Centered around a quietly spectacular performance by young Perla Haney-Jardine, “Future Weather” integrates a green message into a striking and emotional drama about intergenerational female conflict. As the awkwardly named, 13-year-old eco-savant Lauduree, Haney-Jardine is pure grace, to the point where her character seems to have landed in her trashy family from another planet, a notion underscored by a crusty, chain-smoking Amy Madigan, who makes the girl’s grandmother one formidable force of nature. Pic should flourish within its domestic-indie niche.
A Lipstick Pictures presentation. Produced by Jenny Deller, Kristin Fairweather. Executive producers, Jennifer Dubin, Cora Olson.
Abandoned by her lanky, leggy disgrace of a mother, Tanya (Marin Ireland), who heads to Hollywood to become a makeup artist, Lauduree (Haney-Jardine), aka Ray, is left to her own devices and interests. These include an independent experiment in carbon sequestration — figuring out which trees consume the most carbon dioxide and therefore should be planted en masse to help reverse global warming.
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The science is fine, but the central weakness of writer-director Jenny Deller’s script is the incongruity between Ray and her mother — and indeed, between Ray and everyone else in her small Illinois burg (the pic was shot outside Philadelphia). That this girl sprang from a family so burdened by demons, drink, domestic discord and, critically, a lack of education reps a rather incredible circumstance. Nowhere is this disconnect more apparent than in the contrast between Ray and Greta (Madigan), the grandmother who takes custody of her.
Greta is planning to move to Florida with her boyfriend, Ed (an uncharacteristically gentle William Sadler), and take Ray along. Ray balks, and continues to spend most of her time reading and worrying about the health of the environment, the survival of species and the dangers of disposable plastic water bottles. Deller won a grant for “Future Weather” from the Alfred P. Sloan Foundation, which supports the promotion of the sciences through popular entertainment, and one can certainly see why.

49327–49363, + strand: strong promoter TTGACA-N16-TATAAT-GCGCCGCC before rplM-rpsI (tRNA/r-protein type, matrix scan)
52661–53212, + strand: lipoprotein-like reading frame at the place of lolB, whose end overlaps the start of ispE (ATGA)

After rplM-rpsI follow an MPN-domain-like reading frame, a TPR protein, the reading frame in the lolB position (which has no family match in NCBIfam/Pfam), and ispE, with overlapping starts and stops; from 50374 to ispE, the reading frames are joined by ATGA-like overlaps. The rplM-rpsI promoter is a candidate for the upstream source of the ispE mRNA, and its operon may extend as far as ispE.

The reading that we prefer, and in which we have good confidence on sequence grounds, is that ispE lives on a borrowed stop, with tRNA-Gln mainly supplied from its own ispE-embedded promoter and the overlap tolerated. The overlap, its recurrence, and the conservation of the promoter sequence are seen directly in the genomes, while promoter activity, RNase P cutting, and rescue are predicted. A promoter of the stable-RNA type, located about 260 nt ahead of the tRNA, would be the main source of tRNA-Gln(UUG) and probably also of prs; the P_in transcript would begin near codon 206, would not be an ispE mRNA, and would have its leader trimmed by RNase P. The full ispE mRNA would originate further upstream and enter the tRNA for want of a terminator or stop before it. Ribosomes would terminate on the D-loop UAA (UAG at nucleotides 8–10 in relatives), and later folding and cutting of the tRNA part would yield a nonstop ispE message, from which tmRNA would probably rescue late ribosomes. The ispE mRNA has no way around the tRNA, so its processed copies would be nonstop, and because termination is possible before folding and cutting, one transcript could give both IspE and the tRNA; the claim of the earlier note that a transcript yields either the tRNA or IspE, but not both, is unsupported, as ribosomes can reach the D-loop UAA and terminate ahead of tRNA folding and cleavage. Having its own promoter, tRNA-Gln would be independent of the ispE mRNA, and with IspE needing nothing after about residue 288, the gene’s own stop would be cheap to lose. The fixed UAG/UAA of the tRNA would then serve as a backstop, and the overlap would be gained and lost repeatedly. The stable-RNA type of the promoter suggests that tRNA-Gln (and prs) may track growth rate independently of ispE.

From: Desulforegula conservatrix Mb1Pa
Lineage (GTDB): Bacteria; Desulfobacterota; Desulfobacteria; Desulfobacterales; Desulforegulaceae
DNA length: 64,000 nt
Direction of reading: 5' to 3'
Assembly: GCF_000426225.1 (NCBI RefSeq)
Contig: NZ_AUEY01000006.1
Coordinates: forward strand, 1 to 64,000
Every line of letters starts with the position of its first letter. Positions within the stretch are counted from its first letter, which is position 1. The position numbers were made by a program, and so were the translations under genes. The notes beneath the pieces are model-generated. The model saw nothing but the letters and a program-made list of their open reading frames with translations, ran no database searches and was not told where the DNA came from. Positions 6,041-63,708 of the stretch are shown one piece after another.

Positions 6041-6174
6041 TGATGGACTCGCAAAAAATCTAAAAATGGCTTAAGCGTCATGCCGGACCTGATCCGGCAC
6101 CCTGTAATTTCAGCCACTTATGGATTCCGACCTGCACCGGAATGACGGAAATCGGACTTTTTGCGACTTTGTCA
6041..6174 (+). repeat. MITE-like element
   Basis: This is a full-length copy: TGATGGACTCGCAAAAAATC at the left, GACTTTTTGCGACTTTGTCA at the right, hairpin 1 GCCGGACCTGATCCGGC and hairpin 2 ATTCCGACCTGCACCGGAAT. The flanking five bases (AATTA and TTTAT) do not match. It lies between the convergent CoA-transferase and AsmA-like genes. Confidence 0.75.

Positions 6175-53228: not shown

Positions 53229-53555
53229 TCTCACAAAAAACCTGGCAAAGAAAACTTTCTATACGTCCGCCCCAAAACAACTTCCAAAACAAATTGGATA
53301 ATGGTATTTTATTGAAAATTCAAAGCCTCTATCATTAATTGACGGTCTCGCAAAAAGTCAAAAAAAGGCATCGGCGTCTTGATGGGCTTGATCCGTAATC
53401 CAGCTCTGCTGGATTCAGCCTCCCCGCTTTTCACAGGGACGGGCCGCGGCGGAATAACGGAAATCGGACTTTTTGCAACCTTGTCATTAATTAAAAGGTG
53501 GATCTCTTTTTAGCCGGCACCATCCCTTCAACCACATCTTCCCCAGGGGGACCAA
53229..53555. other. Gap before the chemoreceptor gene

Ray is the best student in her class, and shares an affectionate relationship with her teacher, Ms. Markovi (a fine Lili Taylor) who fosters her interest in science and even hosts an afterschool science club, one attended only by Ray and Neel (Anubhav Jain), a new kid whom Ray has saved from bullies. Neel is clearly interested in the smart girl, who wants nothing to do with him at first, but eventually warms to him platonically, and involves him in her ongoing experiments. “Do you think I’m attractive?” she asks Neel, scientifically. You can almost hear him gulp.
The dialogue, when not shoehorning the eco-message into the mix, is occasionally brilliant; an exchange between Greta and Ray, while the latter is sleepwalking (an interesting if not fully explored insight into Ray’s psyche), is a tour de force. Many of the pic’s quieter moments reveal Deller as a filmmaker possessed of uncanny confidence, such as a scene in which Ray explores her mother’s old bedroom and takes a journey into her own genetic legacy. And there’s one confrontation between Greta and her prodigal daughter, Tanya, whom the fearsome older woman approaches with menace, cigarette dangling from her lips. One can almost hear the theme from “Jaws.”
Tech credits are tops, the sound and music choices particularly on point.